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Invasion of Grenada

From Academic Kids

Military history of Grenada
Military history of the United States
ConflictInvasion of Grenada
Date1983
PlaceGrenada
ResultRegime toppled
Combatants
United States of America, Antigua and Barbuda, Barbados, Dominica, Jamaica, St. Lucia, St. Vincent Grenada, Cuba, et al.
Strength
7,300 unknown
Casualties
19 dead, 116 wounded Grenadian military: 49 dead and 358 wounded; Cuban military: 29 dead and 100+ wounded; Civilians: 45 dead

The Invasion of Grenada, known to U.S. forces as Operation Urgent Fury, was an invasion of the island nation of Grenada by the military forces of the United States and several Caribbean nations. The conflict began on October 25, 1983, when the United States armed forces landed troops on the beaches of Grenada.

In 1979, a bloodless coup d'état, led by New Jewel Movement leader Maurice Bishop, toppled the government of Eric Gairy to establish a Marxist-Leninist government that quickly aligned itself with the Soviet Union and Cuba. Under Bishop, Grenada began constructing an international airport with the help of Cuba. U.S. President Ronald Reagan pointed to this airport and several other sites as evidence of the potential threat posed by Grenada towards the United States. Reagan accused Grenada of constructing facilities to aid a Soviet-Cuban military build-up in the Caribbean, and of greatly militarizing a country that had previously maintained a relatively small army.

Prime Minister Bishop went to Washington, D.C., to attempt to quell these fears. Soon after, a faction led by the strongly pro-Soviet Deputy Prime Minister Bernard Coard seized power;Coard's forces subsequently executed Bishop in spite of mass protests in Bishop's favor. The Organization of Eastern Caribbean States (OECS) appealed to the United States, Barbados, and Jamaica to assist them, though according to the prime ministers of Barbados and Jamaica, this formal appeal was privately "requested" by the U.S.

The combination of a bloody seizure of power by a hardline Marxist group within the U.S. "sphere of influence" prompted it to act militarily. The U.S. government described the invasion as a "noncombatant evacuation operation" for almost 600 American medical students on the island. It also claimed that the airstrip was built to accommodate Soviet and Cuban transport craft to carry arms to aid Central American insurgents —Bishop's government claimed that it was built to accommodate commercial aircraft carrying tourists. Documents captured by the U.S. after the invasion have tended to support the U.S. government's suspicions.

Mythu Sivapalan disputed the U.S. government's reasons in an article in the October 29 issue of the New York Times: "The wording of the formal request, however, was drafted in Washington and conveyed to the Caribbean leaders by special American emissaries. Both Cuba and Grenada, when they saw that American ships were heading for Grenada, sent urgent messages promising that American students were safe and urging that an invasion not occur. [...] There is no indication that the administration made a determined effort to evacuate the Americans peacefully. [...] Officials have acknowledged that there was no inclination to try to negotiate with the Grenadian authorities."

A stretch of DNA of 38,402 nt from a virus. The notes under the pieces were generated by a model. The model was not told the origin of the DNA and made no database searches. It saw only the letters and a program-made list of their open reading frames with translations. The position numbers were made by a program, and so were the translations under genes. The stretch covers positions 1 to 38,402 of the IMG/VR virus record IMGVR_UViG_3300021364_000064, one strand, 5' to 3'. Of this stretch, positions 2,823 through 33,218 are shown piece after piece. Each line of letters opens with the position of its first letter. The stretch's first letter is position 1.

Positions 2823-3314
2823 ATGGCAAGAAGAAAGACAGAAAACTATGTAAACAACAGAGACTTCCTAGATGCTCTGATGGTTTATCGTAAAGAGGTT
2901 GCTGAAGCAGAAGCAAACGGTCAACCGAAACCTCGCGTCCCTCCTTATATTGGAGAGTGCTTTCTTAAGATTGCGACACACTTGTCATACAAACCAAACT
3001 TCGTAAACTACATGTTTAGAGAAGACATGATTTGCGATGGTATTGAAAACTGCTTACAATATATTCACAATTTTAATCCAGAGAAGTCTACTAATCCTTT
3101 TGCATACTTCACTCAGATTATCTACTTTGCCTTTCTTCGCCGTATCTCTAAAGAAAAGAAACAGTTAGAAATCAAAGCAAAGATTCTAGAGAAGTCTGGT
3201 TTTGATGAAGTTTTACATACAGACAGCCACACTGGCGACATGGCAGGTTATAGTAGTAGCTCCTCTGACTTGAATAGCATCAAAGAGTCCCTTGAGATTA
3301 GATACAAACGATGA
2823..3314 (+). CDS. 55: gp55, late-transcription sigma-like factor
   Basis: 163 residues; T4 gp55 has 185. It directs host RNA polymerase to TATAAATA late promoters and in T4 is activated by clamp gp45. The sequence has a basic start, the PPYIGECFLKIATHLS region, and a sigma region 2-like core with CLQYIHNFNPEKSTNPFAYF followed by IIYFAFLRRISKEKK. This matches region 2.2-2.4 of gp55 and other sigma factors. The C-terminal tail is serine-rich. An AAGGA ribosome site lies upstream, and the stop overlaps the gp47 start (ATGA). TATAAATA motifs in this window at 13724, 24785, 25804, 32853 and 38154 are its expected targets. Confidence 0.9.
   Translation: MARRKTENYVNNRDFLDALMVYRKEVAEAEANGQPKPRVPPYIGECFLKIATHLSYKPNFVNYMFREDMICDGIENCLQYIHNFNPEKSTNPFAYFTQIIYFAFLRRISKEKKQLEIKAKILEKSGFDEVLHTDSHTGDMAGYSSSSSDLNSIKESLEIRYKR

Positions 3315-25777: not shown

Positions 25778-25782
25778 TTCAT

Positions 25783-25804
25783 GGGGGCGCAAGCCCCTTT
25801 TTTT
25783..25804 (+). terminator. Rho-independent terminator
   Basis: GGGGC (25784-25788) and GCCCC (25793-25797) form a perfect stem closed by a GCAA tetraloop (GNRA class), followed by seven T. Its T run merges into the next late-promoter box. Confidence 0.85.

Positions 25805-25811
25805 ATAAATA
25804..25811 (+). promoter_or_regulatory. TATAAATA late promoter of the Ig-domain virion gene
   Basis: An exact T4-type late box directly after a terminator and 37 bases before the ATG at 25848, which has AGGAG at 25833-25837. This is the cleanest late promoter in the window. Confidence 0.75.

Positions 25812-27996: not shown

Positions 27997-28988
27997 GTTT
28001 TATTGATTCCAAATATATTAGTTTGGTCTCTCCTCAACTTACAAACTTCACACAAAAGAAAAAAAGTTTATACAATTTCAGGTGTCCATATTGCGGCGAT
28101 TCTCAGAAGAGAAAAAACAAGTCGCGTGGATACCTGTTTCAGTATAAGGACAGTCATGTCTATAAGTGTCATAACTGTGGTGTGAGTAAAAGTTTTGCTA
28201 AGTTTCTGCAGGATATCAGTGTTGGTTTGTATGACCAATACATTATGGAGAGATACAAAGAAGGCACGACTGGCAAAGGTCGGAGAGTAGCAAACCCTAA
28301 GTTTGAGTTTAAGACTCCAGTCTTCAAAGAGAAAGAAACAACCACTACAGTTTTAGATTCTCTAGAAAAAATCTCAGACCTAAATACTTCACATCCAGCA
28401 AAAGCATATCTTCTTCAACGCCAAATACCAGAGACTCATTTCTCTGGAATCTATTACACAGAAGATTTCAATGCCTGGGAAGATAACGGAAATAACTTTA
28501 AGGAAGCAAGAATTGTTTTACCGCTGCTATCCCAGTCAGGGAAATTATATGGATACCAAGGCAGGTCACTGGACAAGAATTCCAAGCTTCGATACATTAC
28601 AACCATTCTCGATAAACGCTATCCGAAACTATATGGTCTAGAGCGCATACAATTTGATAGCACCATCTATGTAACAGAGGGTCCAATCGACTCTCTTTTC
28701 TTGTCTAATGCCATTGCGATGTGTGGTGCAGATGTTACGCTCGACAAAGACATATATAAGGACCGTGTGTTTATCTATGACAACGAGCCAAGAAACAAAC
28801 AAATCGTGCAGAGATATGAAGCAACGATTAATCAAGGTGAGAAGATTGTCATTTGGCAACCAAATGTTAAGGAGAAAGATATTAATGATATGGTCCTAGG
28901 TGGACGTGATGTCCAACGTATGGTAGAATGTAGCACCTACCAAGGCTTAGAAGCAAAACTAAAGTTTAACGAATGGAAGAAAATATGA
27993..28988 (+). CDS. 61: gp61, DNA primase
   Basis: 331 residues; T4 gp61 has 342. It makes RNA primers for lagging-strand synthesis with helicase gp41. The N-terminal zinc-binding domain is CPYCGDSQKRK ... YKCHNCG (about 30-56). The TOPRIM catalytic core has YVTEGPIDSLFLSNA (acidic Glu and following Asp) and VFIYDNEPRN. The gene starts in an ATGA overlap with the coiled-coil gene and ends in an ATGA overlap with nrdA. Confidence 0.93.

The Invasion was opposed by the British government, as Grenada was part of the Commonwealth of Nations, and Queen Elizabeth was head of state as Queen of Grenada. Grenada requested help from the Foreign and Commonwealth Office. Margaret Thatcher contacted Ronald Reagan, telling him “in the strongest possible terms” that “Grenada was part of the British Commonwealth, and the United States had no business interfering in its affairs.” Reagan assured her that an invasion was not contemplated. Reagan later said “She was very adamant and continued to insist that we cancel our landings on Grenada. I couldn't tell her that it had already begun”. 1

After the invasion, Prime Minister Thatcher wrote to Reagan:
“This action will be seen as intervention by a western country in the internal affairs of a small independent nation, however unattractive its regime. I ask you to consider this in the context of our wider East-West relations and of the fact that we will be having in the next few days to present to our Parliament and people the siting of cruise missiles in this country. I cannot conceal that I am deeply disturbed by your latest communication”1

Within Grenada the invasion was popular —due to public outrage at Bishop's execution and fear resulting from the continuous curfew after Coard's seizure of power — and the U.S. forces were welcomed as liberators.

Fighting continued for several days and the total number of American troops reached some 7,000 along with 300 troops from the assisting neighboring islands of Antigua, Barbados, Dominica, Jamaica, Saint Lucia, and Saint Vincent. They encountered soldiers and advisors from various countries, which consisted of: 1200 Grenadans, 784 Cubans (including 636 construction workers and 43 military personnel —both official Cuban figures), 49 Soviets, 24 North Koreans, 16 East Germans, 14 Bulgarians, 3 or 4 Libyans.

By mid-December, the American troops withdrew after a new government was appointed by the governor-general. Four U.S. Navy Seal Team Members lost their lives and two were injured. They were opposed by some Grenadian and Cuban military units.

In 1984, Reagan often quipped that Grenada had to be invaded because it was the world's largest producer of nutmeg. He also said, "You can't make eggnog without nutmeg."

Footnotes

Note 1: 1993, Margaret Thatcher The Downing Street Years pages 327 to 331.

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